Sunday, April 21, 2024

Lawn

A lawn is an area of soil-covered land planted with grasses and other durable plants such as clover which are maintained at a short height with a lawnmower (or sometimes grazing animals) and used for aesthetic and recreational purposes. Lawns are usually composed only of grass species, subject to weed and pest control, maintained in a green color (e.g., by watering), and are regularly mowed to ensure an acceptable length. Lawns are used around houses, apartments, commercial buildings and offices. Many city parks also have large lawn areas. In recreational contexts, the specialised names turf, pitch, field or green may be used, depending on the sport and the continent.

The term "lawn", referring to a managed grass space, dates to at least than the 16th century. Tied to suburban expansion and the creation of the household aesthetic, the lawn is an important aspect of the interaction between the natural environment and the constructed urban and suburban space. In many suburban areas, there are bylaws in place requiring houses to have lawns and requiring the proper maintenance of these lawns. In some jurisdictions where there are water shortages, local government authorities are encouraging alternatives to lawns to reduce water use.

Read more, here.

707-678-8200
Dixon Landscape Materials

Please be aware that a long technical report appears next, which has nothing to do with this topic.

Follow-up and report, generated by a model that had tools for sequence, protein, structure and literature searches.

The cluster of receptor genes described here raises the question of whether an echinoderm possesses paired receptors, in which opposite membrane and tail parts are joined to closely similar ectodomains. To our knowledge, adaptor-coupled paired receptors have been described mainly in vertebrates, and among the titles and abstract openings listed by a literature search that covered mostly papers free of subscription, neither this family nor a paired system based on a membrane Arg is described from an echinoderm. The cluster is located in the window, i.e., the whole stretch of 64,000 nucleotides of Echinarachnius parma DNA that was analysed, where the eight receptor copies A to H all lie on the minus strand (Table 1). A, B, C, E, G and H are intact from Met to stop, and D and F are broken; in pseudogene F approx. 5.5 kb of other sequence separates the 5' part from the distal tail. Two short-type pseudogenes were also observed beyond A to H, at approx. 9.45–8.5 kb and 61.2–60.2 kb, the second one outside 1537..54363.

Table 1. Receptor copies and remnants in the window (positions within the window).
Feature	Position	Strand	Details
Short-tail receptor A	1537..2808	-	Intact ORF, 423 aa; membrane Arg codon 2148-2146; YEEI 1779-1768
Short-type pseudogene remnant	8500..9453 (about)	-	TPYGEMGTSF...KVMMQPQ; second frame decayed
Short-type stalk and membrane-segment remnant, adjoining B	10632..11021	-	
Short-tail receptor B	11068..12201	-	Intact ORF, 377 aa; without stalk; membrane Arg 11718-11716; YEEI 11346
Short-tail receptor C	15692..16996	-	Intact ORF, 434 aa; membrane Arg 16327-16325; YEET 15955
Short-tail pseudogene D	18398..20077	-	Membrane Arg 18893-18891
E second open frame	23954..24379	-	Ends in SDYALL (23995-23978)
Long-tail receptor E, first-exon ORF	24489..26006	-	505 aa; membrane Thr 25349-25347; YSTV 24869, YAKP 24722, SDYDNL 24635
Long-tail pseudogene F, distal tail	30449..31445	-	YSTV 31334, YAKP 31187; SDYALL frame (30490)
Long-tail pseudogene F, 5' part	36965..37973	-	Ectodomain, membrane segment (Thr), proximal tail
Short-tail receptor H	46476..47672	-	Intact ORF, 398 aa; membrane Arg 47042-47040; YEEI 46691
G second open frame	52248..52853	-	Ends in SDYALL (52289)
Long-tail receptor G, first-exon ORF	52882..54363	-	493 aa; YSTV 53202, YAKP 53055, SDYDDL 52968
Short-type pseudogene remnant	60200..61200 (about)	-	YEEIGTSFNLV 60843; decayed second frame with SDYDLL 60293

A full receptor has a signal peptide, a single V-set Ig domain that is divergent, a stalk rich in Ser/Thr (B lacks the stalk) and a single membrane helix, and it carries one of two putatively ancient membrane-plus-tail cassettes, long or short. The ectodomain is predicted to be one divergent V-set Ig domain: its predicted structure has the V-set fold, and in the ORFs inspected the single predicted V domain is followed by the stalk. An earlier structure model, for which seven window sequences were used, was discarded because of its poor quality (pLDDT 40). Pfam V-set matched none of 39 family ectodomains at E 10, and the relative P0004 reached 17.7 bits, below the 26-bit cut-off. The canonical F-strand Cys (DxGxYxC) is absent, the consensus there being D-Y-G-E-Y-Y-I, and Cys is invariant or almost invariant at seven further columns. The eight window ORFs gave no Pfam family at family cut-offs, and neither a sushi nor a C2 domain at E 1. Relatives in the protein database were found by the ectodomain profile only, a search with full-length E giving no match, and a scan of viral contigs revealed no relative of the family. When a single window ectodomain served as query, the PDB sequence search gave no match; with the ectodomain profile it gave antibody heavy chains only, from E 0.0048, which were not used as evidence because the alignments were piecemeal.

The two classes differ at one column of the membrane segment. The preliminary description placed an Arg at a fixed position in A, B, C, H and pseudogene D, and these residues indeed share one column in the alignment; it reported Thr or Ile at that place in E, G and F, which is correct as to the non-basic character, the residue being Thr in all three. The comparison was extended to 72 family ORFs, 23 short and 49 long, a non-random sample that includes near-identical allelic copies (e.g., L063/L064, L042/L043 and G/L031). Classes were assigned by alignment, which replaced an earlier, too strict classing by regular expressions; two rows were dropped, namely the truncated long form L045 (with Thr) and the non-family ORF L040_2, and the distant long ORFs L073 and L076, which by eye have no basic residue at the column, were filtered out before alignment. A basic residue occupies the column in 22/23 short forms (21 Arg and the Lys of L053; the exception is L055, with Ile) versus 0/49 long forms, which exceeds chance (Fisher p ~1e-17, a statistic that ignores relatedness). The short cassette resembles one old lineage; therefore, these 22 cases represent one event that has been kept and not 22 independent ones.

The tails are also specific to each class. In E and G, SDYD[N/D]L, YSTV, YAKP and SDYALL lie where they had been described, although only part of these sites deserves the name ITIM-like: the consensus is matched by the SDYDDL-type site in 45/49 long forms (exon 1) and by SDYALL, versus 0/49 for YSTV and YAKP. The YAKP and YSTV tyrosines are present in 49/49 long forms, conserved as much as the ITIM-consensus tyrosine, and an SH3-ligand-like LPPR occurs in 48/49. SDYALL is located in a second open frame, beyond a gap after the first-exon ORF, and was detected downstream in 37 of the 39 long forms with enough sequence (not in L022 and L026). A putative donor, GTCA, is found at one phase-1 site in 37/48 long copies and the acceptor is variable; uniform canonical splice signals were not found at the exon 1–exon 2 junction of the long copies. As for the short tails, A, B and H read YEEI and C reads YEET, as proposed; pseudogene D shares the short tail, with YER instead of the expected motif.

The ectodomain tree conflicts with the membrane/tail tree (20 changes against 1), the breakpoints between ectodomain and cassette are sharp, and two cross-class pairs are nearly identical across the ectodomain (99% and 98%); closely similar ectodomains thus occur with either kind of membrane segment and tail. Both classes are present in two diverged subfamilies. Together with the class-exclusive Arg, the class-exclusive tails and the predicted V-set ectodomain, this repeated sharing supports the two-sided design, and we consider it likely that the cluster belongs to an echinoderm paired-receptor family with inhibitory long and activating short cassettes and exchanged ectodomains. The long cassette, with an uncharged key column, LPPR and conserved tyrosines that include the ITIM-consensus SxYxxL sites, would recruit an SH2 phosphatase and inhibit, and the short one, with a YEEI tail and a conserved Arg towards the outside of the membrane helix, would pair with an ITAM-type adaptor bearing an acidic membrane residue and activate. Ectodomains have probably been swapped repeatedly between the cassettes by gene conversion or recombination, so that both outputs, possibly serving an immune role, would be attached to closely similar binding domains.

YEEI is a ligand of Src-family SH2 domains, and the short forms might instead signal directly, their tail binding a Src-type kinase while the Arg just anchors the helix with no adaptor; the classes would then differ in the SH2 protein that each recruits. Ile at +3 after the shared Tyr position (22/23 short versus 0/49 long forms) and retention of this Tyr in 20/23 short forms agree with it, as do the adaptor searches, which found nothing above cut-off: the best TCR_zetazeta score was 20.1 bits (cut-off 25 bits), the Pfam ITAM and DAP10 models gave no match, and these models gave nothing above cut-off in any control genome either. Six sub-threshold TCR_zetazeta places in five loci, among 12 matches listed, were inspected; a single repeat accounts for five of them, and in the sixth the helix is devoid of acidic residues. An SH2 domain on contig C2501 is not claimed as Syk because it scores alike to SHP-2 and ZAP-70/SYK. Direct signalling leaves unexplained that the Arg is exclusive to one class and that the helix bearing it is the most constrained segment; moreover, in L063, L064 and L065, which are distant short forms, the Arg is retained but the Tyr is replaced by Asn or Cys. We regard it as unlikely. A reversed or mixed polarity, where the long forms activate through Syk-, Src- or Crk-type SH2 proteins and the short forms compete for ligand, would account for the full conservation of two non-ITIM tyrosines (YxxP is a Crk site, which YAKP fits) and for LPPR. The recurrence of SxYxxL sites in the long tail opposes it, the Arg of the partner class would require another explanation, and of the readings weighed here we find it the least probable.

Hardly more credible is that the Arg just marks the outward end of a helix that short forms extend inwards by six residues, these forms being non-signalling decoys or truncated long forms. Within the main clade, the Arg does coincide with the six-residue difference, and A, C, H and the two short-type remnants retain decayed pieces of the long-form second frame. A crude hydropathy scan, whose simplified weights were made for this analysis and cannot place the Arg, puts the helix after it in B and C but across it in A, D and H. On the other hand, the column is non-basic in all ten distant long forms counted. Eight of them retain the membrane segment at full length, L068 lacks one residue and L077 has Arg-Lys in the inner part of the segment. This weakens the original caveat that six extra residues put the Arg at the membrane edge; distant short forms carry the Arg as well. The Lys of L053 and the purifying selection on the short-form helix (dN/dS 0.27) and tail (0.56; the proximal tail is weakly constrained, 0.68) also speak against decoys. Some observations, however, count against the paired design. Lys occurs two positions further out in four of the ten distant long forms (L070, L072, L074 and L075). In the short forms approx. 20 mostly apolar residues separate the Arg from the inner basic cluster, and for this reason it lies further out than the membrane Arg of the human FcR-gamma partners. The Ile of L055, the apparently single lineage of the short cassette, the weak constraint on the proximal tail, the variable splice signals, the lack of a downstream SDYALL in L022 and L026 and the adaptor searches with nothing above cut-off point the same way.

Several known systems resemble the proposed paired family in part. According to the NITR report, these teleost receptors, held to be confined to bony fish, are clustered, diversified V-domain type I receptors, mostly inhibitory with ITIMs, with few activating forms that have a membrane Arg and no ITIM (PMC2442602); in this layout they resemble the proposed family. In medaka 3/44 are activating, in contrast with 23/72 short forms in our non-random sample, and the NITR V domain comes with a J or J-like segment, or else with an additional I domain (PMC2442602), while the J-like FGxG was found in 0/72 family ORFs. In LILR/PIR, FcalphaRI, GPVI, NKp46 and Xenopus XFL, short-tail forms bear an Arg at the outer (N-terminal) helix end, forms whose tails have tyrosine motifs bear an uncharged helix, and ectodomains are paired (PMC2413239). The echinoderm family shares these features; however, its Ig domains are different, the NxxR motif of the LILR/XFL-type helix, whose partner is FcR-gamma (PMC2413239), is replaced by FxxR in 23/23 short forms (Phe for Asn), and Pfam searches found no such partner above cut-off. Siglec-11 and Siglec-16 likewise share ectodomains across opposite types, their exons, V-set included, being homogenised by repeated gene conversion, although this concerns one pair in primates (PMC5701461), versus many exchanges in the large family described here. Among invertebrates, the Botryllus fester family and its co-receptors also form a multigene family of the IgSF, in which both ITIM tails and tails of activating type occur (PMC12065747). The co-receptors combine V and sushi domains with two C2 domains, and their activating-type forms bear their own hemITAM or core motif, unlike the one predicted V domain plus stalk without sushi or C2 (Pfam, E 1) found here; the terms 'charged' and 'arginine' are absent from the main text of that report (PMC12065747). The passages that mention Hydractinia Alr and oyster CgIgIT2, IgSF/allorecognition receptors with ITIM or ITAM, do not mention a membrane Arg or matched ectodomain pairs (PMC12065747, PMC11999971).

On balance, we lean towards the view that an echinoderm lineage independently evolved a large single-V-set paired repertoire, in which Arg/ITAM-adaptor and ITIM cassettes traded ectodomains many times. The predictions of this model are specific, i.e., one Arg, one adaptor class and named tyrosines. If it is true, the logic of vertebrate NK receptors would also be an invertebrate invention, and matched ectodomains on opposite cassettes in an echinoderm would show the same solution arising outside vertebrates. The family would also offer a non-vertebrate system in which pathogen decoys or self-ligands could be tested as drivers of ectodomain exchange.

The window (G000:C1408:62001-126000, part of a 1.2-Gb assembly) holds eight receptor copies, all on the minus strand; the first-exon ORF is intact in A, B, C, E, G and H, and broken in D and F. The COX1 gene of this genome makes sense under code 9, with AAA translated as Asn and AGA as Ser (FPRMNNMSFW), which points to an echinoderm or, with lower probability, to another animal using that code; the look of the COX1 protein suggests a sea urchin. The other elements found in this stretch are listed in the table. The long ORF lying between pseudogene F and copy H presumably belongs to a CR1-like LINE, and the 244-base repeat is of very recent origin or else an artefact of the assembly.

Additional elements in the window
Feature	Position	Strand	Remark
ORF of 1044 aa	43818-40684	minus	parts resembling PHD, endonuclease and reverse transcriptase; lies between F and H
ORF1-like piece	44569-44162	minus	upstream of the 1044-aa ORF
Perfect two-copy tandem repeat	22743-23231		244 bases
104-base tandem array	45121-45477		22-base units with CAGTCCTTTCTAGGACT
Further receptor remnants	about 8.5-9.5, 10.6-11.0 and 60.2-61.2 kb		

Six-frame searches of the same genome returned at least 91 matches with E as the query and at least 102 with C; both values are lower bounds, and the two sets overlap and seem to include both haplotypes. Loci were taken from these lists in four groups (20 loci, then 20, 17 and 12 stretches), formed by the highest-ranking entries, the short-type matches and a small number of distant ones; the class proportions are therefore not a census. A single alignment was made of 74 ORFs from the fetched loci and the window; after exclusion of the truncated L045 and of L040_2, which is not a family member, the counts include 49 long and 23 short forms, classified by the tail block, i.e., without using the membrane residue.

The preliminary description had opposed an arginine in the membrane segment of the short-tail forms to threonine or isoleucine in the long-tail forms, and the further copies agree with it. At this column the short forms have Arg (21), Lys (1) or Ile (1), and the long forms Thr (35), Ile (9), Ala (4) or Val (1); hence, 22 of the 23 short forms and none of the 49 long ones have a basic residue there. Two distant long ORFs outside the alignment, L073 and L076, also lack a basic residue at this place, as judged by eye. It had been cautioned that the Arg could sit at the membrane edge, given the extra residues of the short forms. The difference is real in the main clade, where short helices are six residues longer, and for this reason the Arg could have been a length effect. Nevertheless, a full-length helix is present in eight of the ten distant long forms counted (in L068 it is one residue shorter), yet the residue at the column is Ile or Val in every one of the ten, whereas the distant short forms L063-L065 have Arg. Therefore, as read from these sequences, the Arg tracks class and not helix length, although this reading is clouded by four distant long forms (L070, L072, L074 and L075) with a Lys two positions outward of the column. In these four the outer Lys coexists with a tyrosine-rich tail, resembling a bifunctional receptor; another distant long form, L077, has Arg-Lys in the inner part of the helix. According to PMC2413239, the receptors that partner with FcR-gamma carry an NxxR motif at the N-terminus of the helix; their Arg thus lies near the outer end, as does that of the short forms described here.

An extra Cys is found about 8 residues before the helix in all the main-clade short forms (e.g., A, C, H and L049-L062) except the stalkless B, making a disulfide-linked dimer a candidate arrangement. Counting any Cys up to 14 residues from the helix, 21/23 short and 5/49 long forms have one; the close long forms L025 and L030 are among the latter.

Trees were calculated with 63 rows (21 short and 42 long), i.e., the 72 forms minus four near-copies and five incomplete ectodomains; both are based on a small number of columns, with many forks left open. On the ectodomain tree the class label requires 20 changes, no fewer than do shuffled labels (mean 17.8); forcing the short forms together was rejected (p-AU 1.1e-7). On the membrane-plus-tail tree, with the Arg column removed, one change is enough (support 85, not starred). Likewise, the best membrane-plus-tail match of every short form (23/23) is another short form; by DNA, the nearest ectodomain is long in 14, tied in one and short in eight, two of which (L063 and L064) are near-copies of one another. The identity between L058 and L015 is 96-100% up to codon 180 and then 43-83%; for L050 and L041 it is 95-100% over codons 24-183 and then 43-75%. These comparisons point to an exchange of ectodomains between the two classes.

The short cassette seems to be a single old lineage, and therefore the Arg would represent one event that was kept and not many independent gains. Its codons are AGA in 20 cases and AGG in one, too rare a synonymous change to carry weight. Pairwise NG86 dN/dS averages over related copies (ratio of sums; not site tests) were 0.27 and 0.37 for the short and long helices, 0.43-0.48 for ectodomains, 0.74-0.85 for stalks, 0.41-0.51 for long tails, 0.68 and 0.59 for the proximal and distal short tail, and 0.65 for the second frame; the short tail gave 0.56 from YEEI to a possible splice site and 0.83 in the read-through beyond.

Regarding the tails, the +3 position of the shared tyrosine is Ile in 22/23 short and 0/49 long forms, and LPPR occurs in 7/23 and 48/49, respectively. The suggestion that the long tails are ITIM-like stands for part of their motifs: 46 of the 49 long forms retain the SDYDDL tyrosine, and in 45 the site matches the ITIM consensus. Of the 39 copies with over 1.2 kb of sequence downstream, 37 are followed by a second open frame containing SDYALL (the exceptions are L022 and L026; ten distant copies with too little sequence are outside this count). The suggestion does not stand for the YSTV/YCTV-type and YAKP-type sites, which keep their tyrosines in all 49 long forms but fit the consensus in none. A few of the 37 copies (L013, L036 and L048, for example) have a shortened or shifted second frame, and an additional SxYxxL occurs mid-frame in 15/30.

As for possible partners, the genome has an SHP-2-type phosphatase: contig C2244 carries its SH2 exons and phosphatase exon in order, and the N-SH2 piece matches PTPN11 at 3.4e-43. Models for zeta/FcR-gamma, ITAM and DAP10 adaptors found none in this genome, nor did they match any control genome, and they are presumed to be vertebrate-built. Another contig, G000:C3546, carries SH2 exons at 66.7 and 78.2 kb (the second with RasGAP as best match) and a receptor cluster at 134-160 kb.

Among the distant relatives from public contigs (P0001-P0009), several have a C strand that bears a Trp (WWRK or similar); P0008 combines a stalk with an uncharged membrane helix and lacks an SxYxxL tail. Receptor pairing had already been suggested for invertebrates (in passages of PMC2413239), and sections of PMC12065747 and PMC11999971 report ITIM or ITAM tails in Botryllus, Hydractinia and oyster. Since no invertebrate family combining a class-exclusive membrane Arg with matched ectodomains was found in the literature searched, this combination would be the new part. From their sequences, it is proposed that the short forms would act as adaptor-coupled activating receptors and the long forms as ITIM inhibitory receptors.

150 East H Street
Dixon CA 95620

Thursday, April 18, 2024

Paver Installation / Pathway /Stepping Stones/ Garden Decoration DIY/ Ba...


In this video, I showed how to level a walkway to building a pathway using stepping stones, white marbles, and holland paver bricks. 

707-678-8200
Dixon Landscape Materials
150 East H Street
Dixon CA 95620

Monday, April 15, 2024

Pests

Garden pests
Garden pests are generally plants, fungi, or animals (frequently insects) that engage in activity that the gardener considers undesirable. A pest may crowd out desirable plants, disturb soil, stunt the growth of young seedlings, steal or damage fruit, or otherwise kill plants, hamper their growth, damage their appearance, or reduce the quality of the edible or ornamental portions of the plant. Aphids, spider mites, slugs, snails, ants, birds, and even cats are commonly considered to be garden pests.

Because gardeners may have different goals, organisms considered "garden pests" vary from gardener to gardener. Tropaeolum speciosum, for example, may be considered a desirable and ornamental garden plant, or it may be considered a pest if it seeds and starts to grow where it is not wanted. As another example, in lawns, moss can become dominant and be impossible to eradicate. In some lawns, lichens, especially very damp lawn lichens such as Peltigera lactucfolia and P. membranacea, can become difficult to control and are considered pests.

Garden pest control